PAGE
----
Q: Now, when was “Good People” released?
Malone: It hasn’t come out yet. May 21st is when it comes out.

Q: So this column will be a preview cleverly disguised as a review.
Malone: (Chuckle) Yeah, this coming month is when we hope people will be writing about it.

Q: You can count on it from my end, for sure. I’ve been doing this since 1969, by the way.
Malone: Oh, wow! Then those songs I covered you heard when they were new.

Q: Damn right.
Malone: … Yeah, I’m a Gen Xer, you know, and I heard all these songs in the ’80s for the first time (laughter).

Q: Do you do covers frequently or was this CD a one-off?
Malone: Every album I make there’s usually one or two cover songs that that I really mess with, and I sprinkle them throughout my set.

Q: Speaking of sets, have you performed up in Maine before?
Malone: Yeah. Solo, I haven’t played there in a while; maybe five or six years ago was the last time I played in Portland. In 2019 I played with John in Westbrook at Rock Row, Maine Savings Pavilion. It’s a pretty new venue; it’s one of those big outdoor venues.

Q: Now when you say, John, John who?
Malone: John Fogerty. I’ve been in his band for 10 years. I tour solo and I tour with him, and in 2019 was the last time we played anywhere.

Q: Just out of curiosity, what are his thoughts on your cover of his “Bad Moon Rising” on this CD?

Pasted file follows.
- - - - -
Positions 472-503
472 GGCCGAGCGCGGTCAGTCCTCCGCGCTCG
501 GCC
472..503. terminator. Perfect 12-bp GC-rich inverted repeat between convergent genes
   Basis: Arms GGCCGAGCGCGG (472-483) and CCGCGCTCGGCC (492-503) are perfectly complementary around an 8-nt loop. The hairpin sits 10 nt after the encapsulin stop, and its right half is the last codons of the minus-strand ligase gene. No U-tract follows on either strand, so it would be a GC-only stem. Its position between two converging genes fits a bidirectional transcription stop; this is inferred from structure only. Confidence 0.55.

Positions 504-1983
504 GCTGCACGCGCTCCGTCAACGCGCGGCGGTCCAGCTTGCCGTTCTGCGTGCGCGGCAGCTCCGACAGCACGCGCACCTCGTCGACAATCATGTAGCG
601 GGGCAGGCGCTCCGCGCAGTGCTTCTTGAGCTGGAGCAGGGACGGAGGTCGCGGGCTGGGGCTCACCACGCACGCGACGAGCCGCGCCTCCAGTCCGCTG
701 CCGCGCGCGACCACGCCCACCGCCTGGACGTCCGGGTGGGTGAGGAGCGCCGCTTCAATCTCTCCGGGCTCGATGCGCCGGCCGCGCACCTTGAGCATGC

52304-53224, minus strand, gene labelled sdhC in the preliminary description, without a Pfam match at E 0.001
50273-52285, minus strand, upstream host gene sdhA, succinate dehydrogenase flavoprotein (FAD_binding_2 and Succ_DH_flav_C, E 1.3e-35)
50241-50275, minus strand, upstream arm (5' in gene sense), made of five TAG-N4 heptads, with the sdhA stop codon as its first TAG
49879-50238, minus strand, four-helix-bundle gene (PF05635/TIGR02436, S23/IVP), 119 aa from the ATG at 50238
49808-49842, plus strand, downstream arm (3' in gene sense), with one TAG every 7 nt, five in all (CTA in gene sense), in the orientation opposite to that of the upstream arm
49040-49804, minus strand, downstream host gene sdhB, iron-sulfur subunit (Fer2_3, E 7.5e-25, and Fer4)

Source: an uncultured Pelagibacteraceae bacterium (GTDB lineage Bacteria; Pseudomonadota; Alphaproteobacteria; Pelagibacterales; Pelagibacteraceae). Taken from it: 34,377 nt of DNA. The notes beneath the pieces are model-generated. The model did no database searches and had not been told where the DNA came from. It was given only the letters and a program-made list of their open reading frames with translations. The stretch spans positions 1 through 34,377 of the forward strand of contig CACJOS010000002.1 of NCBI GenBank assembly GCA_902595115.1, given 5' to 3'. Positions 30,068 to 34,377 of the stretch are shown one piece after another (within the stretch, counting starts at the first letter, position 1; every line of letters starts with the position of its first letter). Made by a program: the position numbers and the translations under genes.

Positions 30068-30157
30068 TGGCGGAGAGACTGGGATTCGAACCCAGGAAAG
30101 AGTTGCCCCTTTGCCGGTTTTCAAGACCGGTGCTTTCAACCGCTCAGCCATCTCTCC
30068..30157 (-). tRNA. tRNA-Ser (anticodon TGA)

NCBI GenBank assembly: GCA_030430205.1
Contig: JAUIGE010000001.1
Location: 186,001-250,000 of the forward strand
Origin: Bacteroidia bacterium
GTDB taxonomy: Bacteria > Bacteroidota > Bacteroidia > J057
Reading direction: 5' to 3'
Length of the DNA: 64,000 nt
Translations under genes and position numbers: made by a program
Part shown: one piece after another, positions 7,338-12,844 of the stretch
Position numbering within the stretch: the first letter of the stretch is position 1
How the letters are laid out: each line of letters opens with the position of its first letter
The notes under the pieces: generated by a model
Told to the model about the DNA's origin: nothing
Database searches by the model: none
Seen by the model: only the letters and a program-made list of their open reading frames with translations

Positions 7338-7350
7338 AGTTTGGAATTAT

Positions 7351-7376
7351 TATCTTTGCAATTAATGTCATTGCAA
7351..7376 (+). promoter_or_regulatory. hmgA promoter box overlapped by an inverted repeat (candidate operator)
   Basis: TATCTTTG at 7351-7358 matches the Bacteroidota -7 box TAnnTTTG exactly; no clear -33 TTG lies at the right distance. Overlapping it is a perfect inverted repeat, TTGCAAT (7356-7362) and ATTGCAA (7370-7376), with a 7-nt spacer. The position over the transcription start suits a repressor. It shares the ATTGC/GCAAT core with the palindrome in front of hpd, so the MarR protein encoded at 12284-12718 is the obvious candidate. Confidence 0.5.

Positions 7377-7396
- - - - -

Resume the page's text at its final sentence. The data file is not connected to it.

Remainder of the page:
Malone: He hasn’t really heard it yet (chuckle). And, you know, I’m kind of terrified.

Q: Well, in my opinion he’ll give you a tip of his hat instead of a tongue-lashing, because your version is very well done. I know I’ve been carrying on about your three covers, but I enjoy your eight originals equally. You really mix it up lyrically, rhythmically and stylistically; it’s that variety that makes an album entertaining and interesting.
Malone: That’s how I am, that’s what I’ve always loved. I like a lot of different stuff, and I learned to play a lot of different kinds of stuff, so it’s hard for me to just make a record where everything is kind of the same thing, you know? And once I’ve done something, I want to try new things every time I do it; otherwise what’s the point?

Q: Over the years, my favorite artists are the ones that push the edges of their envelope and take chances.
Malone: That’s the only way to stay in. The trick is to do it without losing your audience. You have to keep moving and keep changing, but not so much that everyone goes, “Oh, I can’t figure out what he’s doing.”

Q: Do you do instrumentals, like “Preludes & Blues” on this album, on each of your CDs?
Malone: The last couple of albums I had instrumentals on them, not always, but lately I’ve been doing it. I’ve been thinking about doing an all-instrumental one. It would be an interesting thing to have, and I’ve been thinking about it.

Q: Is there anything, Bob, that you’d like me to pass on to the folks reading this article?
Malone: Well, if you send them to my website, www.bobmalone.com, they’ll see everything they need to see about me right there.

Lucky Clark has spent more than 50 years writing about good music and the people who make it. He can be reached at [email protected] if you have any questions, comments or suggestions.